The holiday season begins with Thanksgiving, includes all the Christmas parties, as well as the big day itself, and ends with a bang on New Year’s Eve. You sat yourself down and made a list of goals and things you would like to accomplish in this next year. But when you wake up on January 1, you feel anything but invigorated. You probably feel tired, bloated, and maybe a bit stiff. You are beginning what I call the holiday excess withdrawal. Others call it the holiday hangover.
In wealthy countries, the vast majority of disease arises from bodily excess caused by overeating rich, greasy, highly seasoned, denatured, and/or intoxicating foods. This could be an excess of meats (especially red meats), eggs, cheese, and other dairy products; too much fried food, salt, and extremely sweet food; refined and rancid flour and oil products; and chemical ingredients, drugs, and alcoholic drinks. When the body can no longer tolerate any further excess it begins to malfunction.
The main remedy for the withdrawal symptoms from too much holiday celebrating is cleansing and purging. Whatever has caused these symptoms must be eliminated. As a general rule, bitter foods and herbs are used to reduce these symptoms and signs. The bitter flavor is cooling and helps move the bowels. Here are some suggestions of foods and herbs to emphasize in the next few days, or even weeks, to help your body detoxify itself and reach a better balance. The majority of the foods taken should be raw or lightly cooked.
Bitter Herbs – Goldenseal, echinacea, and chaparral; even the common chamomile is quite bitter. The roots of dandelion, burdock, yellow dock, and rhubarb (yellow dock and rhubarb also treat constipation). Honeysuckle flowers are useful, along with the chamomile flowers. It is always best to check the various other properties of herbs before using them. The easiest way to take these is as a tea decoction.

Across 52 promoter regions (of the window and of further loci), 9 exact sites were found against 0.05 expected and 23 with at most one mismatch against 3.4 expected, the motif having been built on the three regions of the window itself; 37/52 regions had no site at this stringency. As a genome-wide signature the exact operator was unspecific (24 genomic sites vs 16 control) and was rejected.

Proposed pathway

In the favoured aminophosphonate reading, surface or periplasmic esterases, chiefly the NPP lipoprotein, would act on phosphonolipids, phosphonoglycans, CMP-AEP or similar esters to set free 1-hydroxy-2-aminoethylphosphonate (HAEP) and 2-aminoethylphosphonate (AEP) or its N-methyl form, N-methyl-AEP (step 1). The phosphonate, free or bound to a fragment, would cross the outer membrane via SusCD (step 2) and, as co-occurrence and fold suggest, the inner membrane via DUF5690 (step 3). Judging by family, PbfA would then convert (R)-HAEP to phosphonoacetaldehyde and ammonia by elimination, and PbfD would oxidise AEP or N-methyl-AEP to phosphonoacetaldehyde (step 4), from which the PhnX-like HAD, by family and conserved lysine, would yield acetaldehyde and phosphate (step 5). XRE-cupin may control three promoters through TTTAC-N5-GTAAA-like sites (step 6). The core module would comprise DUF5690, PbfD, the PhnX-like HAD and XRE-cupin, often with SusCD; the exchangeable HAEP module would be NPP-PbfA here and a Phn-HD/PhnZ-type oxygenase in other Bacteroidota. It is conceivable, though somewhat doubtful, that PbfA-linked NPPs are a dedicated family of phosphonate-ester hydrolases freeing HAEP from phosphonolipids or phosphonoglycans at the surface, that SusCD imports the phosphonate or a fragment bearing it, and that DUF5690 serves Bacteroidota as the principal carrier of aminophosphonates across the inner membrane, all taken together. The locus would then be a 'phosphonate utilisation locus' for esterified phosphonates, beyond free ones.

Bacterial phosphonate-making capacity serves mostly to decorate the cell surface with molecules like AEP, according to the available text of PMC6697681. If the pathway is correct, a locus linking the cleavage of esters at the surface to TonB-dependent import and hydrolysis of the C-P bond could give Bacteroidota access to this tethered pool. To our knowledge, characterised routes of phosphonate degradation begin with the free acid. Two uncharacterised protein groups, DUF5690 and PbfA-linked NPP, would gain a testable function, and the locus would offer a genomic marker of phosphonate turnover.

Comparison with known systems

Bitter Foods – celery, lettuce, asparagus, rye, and amaranth, are just some examples.
Low-fat Fruits and Vegetables – sprouts (especially alfalfa), fruits, vegetables (especially leafy greens) sea vegetables, micro-algae (especially wild blue-green and dunaliella), cereal grasses such as wheat or barley grass greens, grains, and legumes (especially lima, aduki, and mung beans).
Other Good Excess Reducing Foods – mushrooms, carrots, radishes, and fresh figs.
Sweeteners – If sweeteners are used, small amounts of stevia leaf or raw honey may be tolerated
Oils – One of the few oils I would recommend for excess is fresh flax-seed oil.
Start including an awareness practice that quiets the mind, such as silent contemplation, meditation, self-reflection, or prayer.
Activity is another healing practice. Certain activities blend with awareness practices. Examples include tai ji, various yoga systems, and qi gong. Other activities are likewise important. These can include manual labor, physical chores (e.g., helping the elderly or ill with housework), sports, walking, weight training, or any of the numerous exercise programs that are currently available.
In reducing the excess from the holiday season, it is essential not to over-reduce. In the Chinese healing arts, they call this practice of preserving balance “Protecting the ‘righteous qi.'” Therefore, when using raw-food diets, bitter purgative herbs, and other reducing techniques, it is important to continually monitor your condition to avoid a slide into a different type of imbalance.
The Inner Classic says that “Excess causes one to forget what is proper and good, and to become careless.” May you have a proper, good, and balanced 2017.